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- 1. Presented by Danushka Bollegala
- 2. Spectrum = the set of eigenvalues By looking at the spectrum we can know about the graph itself! A way of normalizing data (canonical form) and then perform clustering (e.g. via k- means) on this normalized/reduced space. Input: A similarity matrix Output: A set of (non-overlapping/hard) clusters.
- 3. UndirectedGraph G(V, E) V: set of vertices (nodes in the network) E: set of edges (links in the network) ▪ Weight wij is the weight of the edge connecting vertex I and j (represented by the affinity matrix.) Degree: sum of weights on outgoing edges of a vertex. Measuring the size of a subset A ofV
- 4. How to create the affinity matrixW from the similarity matrix S? ε-neighborhood graph ▪ Connect all vertices that have similarity greater than ε k-nearest neighbor graph ▪ Connect the k-nearest neighbors of each vertex. ▪ Mutual k-nearest neighbor graphs for asymmetric S. Fully connected graph ▪ Use the Gaussian similarity function (kernel)
- 5. L = D –W D: degree matrix. A diagonal matrix diag(d1,...,dn) Properties For every vector L is symmetric and positive semi-definite The smallest eigenvalue of L is zero and the corresponding eigenvector is 1 = (1,...,1)T L has n non-negative, real-valued eigenvalues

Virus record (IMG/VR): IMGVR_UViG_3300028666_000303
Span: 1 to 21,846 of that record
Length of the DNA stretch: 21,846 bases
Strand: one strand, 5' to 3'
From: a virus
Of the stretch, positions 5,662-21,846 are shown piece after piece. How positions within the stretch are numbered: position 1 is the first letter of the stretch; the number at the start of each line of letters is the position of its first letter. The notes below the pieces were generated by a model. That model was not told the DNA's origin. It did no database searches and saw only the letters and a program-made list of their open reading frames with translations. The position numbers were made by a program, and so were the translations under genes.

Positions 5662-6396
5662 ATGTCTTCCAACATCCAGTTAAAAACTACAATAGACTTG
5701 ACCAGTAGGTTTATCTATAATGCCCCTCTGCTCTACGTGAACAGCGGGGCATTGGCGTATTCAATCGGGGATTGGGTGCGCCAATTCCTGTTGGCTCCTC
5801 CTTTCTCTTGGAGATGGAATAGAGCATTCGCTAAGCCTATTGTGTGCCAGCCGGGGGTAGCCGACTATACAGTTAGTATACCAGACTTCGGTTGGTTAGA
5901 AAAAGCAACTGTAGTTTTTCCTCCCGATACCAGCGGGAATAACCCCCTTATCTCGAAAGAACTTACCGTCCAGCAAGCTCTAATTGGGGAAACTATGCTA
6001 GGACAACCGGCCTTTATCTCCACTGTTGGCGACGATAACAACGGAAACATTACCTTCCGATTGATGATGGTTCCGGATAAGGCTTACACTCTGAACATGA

- 6. Two versions exist Lsym = D-1/2LD-1/2 = I - D-1/2WD-1/2 Lrw = D-1L = I - D-1W
- 7. The partition (A1,...,Ak) induces a cut on the graph Two types of graph cuts exist Spectral clustering solves a relaxed version of the mincut problem (therefore it is an approximation)
- 8. By the Rayleigh-Ritz theorem it follows that the second eigenvalue is the minimum.
- 9. Transition probability matrix and Laplacian are related! P = D-1W Lrw = I - P
- 10. Lrw based spectral clustering (Shi & Malik,2000) is better (especially when the degree distribution is uneven). Use k-nearest neighbor graphs How to set the number of clusters: k=log(n) Use the eigengap heuristic If using Gaussian kernel how to set sigma Mean distance of a point to its log(n)+1 nearest neighbors.
- 11. Eckart-YoungTheorem The low-rank approximation B for a matrix A s.t. rank(B) = r < rank(A) is given by, B = USV*, where A = UZV* and S is the same as Z except the (r+1) and above singular values of Z are set to zero. Approximation is done by minimizing the Frobenius norm ▪ minB||A – B||F, subject to rank(B) = r

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